Wambach’s teammate, in particular, had a strong claim to this honor, but it’s difficult to watch the United States game after game and feel Morgan, for all her talents and production, deserves this honor over Wambach. Thanks to 28 goals and 21 assists, Morgan won U.S. Soccer’s Athlete of the Year honor, but her numbers are the product of a system reliant on Wambach’s playmaking an imposing penalty are presence. Defenses have to set up to account for Wambach, strategies that leave them exposed to Morgan’s speed and clinical finishing.
All of which would be mute if Wambach wasn’t putting up numbers of her own. With 27 goals in 32 games, Wambach’s goal rate was higher than her career average (152 goals in 198 appearances). Despite playing against defenses set up to contain her, Wambach posted her highest goal total in eight years.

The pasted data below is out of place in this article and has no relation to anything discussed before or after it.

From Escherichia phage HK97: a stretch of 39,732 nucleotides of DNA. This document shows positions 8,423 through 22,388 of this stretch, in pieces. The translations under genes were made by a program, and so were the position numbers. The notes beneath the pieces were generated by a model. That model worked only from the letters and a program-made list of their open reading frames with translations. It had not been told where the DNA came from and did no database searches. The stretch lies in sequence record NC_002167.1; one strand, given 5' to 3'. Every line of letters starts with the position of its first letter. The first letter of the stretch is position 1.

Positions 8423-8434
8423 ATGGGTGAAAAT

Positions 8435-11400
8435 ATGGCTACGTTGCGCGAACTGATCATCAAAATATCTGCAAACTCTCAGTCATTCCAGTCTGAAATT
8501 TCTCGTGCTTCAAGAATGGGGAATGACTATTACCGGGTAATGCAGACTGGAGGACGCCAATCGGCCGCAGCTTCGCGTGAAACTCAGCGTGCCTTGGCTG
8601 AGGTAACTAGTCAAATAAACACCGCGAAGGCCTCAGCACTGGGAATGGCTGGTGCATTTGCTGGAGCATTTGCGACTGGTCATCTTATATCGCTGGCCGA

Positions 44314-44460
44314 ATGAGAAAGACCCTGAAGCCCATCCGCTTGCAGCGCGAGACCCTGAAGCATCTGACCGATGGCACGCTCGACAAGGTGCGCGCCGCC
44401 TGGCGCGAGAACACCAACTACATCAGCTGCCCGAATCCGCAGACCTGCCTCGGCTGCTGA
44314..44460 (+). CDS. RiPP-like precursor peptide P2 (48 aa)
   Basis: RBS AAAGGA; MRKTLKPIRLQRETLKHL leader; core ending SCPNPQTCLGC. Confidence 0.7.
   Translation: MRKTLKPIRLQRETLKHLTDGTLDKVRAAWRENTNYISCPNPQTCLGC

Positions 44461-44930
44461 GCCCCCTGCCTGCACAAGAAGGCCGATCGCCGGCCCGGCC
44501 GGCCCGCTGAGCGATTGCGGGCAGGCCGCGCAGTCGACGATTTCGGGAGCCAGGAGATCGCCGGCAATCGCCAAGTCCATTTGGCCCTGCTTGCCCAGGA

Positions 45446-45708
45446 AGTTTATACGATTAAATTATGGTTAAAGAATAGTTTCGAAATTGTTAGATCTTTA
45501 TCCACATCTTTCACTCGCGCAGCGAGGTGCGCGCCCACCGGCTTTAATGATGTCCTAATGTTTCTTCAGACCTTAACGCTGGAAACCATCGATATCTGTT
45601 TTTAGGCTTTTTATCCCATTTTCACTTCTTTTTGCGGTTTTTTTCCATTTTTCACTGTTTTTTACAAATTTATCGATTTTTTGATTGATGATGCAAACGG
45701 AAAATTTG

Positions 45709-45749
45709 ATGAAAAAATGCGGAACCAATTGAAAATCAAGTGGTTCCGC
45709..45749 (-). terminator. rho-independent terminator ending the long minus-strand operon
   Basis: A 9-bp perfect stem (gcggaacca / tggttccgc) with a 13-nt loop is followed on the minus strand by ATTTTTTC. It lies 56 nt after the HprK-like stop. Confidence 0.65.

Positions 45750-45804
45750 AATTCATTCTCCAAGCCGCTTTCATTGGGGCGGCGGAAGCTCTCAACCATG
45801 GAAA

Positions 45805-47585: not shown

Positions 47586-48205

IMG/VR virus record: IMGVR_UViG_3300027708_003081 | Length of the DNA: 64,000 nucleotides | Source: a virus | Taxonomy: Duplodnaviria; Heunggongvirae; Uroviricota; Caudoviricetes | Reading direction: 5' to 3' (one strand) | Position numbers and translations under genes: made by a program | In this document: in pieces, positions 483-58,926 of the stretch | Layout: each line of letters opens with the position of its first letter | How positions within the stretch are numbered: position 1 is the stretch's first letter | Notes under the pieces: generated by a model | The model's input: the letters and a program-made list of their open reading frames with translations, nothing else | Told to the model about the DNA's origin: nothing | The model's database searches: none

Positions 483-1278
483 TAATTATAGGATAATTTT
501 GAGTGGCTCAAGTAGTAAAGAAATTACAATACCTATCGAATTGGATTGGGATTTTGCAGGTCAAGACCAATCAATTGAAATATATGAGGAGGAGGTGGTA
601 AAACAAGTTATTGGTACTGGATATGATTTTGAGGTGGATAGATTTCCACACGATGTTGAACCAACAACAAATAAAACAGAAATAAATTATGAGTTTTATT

Now, Wambach is a much different player than she was while scoring 31 times in 2004. Then, her pure physicality made her a near-unstoppable during the U.S.’s gold medal run. Today Wambach is more likely to play with her back to goal, dropping away from defense before moving the ball wide and ghosting into the box. The approach hasn’t padded her assist total (Wambach with only eight on the year, fifth on the team), but the decision-making makes her the key component of the U.S.’s attack.
“She’s so completely deserving of this award and I’m truly happy for her,” Morgan said. “She’s made such a huge mark on women’s soccer over the past decade. She’s an inspirational to not only the thousands of young girls around the country and world, but also to me.”